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You can Find me in the Shed

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“Honey, I’m headed to the Shed. I’ll see you later.” For most wives, this means their husband is going out to the wood shed, or the barn, or maybe his workshop. In Warroad, Minnesota however, going to the Shed means something very different. The Shed is not your normal storage unit.   
Built by local entrepreneur and dedicated car enthusiast Bob Marvin, the Shed is home to Marvin’s collection of over one hundred and ten classic cars. A private collection that is open to the public, this classic car museum is a mecca for car folks of the upper Midwest and Canada. Located just six miles from the Canadian border, Warroad seems an unlikely place to find one of the most extensive collections of rare classic cars in the world.

Digging a little deeper into the town’s history helps you find some answers. Currently the population hangs around eighteen hundred people. In the early 1800s, Warroad was once one of the largest Chippewa villages on Lake of the Woods.   

“The Chippewa fought a long and fierce war against the Sioux for the lake’s rice fields.  Occupying the prairies of the Red River Valley, the Sioux would frequently invade the territory by way of the Red and Roseau Rivers, a route which ended at the mouth of the Warroad River.  This was the old “war road” from which the river and village derived their name” (, 2013).

In 1904, George G. Marvin, founder of Marvin Windows and Doors, arrived in the small Northern Minnesota town. Since he founded the company, it has grown to be the largest employer in Warroad. When the company has prospered, so have the people of Warroad. It is a special community where the largest employer does all it can to support and encourage its employees.

When the recession took hold in 2008, the company refused to lay off their workforce. They chose other methods to make it through the economic downturn. This kind of “stick together through the thick and thin” attitude is a throwback to another era where companies made their decisions based on the long term effects they would have on their employees and the community.

Just Enough to Buy Gas      
This is the community where Bob Marvin was born and raised. The small town was a good place to grow up for a boy who loved cars. Yet Bob says it was several years before he had a car of his own.

“As I was growing up, I was the kid without a car. All the farm kids had cars, and I was the one on the street watching them go by,” says Marvin. “My mother had a 1967 Camaro with a 327 three speed. That’s the car I learned to drive in. Now I own eighteen Camaros. You don’t forget those cars. They get stuck in your mind.”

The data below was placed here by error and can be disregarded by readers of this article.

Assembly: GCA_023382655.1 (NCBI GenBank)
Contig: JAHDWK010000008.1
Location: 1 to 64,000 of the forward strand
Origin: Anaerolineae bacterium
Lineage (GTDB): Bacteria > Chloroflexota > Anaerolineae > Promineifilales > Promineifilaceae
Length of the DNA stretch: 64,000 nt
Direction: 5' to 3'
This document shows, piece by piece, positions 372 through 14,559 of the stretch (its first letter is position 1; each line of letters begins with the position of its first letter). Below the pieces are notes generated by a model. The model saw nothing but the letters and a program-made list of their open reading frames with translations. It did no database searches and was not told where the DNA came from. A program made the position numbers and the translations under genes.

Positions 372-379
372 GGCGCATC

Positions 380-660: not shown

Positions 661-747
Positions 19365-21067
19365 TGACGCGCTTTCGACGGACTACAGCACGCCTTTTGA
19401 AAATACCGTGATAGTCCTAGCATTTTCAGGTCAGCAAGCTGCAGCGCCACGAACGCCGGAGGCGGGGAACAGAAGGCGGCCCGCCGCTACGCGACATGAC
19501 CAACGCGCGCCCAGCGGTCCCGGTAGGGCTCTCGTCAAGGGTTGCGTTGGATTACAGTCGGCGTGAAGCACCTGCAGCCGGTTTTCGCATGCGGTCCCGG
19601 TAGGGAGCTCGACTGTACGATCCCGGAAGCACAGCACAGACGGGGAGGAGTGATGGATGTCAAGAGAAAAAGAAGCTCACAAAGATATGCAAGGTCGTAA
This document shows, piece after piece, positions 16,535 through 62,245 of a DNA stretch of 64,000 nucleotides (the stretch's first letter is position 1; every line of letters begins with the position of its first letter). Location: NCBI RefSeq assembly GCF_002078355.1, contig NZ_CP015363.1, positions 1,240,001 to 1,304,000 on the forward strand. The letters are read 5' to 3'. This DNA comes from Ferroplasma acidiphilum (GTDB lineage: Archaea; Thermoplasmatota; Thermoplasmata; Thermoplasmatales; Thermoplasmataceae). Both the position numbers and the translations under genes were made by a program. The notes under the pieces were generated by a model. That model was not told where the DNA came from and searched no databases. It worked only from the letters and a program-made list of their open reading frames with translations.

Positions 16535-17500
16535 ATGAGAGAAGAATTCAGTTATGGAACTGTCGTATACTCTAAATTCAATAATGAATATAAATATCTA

“I think I have the Camaros today because of my mom’s car. I had a lot of fun with that car. It survived my brother, George, and then my sister, Susan, who let almost every guy in town drive it. And then me,” says Marvin. “When my dad traded it in, it had 54,000 miles on it. I’d guess about 50,000 of them were earned in 1/4 mile runs.”  

Marvin’s desire to own fast cars never went away. In 1981, a personal victory convinced him it was time to get moving on a dream he’d held close since childhood.   

“I quit drinking in 1980. A year later I bought a 1965 Rivera with a 401 as an ‘Atta Boy’ to myself for a year of sobriety. I had just enough money to buy the car and pay for the gas,” laughs Marvin. “Then I waited a few years, and bought another car. Then waited a few more years and got another one. I was hooked. At my first job, I wasn’t making a dollar an hour. So when I began to buy the cars, it was a big sacrifice.”  

Thrill of the Hunt
Finding rare and beautiful cars is now one of Marvin’s most exercised hobbies.  When he is at home in Warroad, most of his time is spent at the Shed. His collection is not complete yet. So many hours are spent on the internet searching for the rare, the weird, and the one-of-a-kind units.

“It’s a lot easier to track down cars today than it was twenty years ago. The internet and social media make it so much easier,” says Marvin. “Not everything is on there, because there are always a few guys who keep everything down on paper and in a file folder. But it is certainly much easier.”

When it comes to cars, Marvin is tough to stump. He does his research, knows his stuff, and will talk cars for as long as you can last. Quiz him on a body style, engine option, or interior color and you will likely find any answers you need.

“You know I’ve seen the sun come up more than once because I’m on the internet all night long looking for cars. All of sudden the room starts getting light, and I realize I stayed up all night. I get so engrossed in what I’m doing,” laughs Marvin.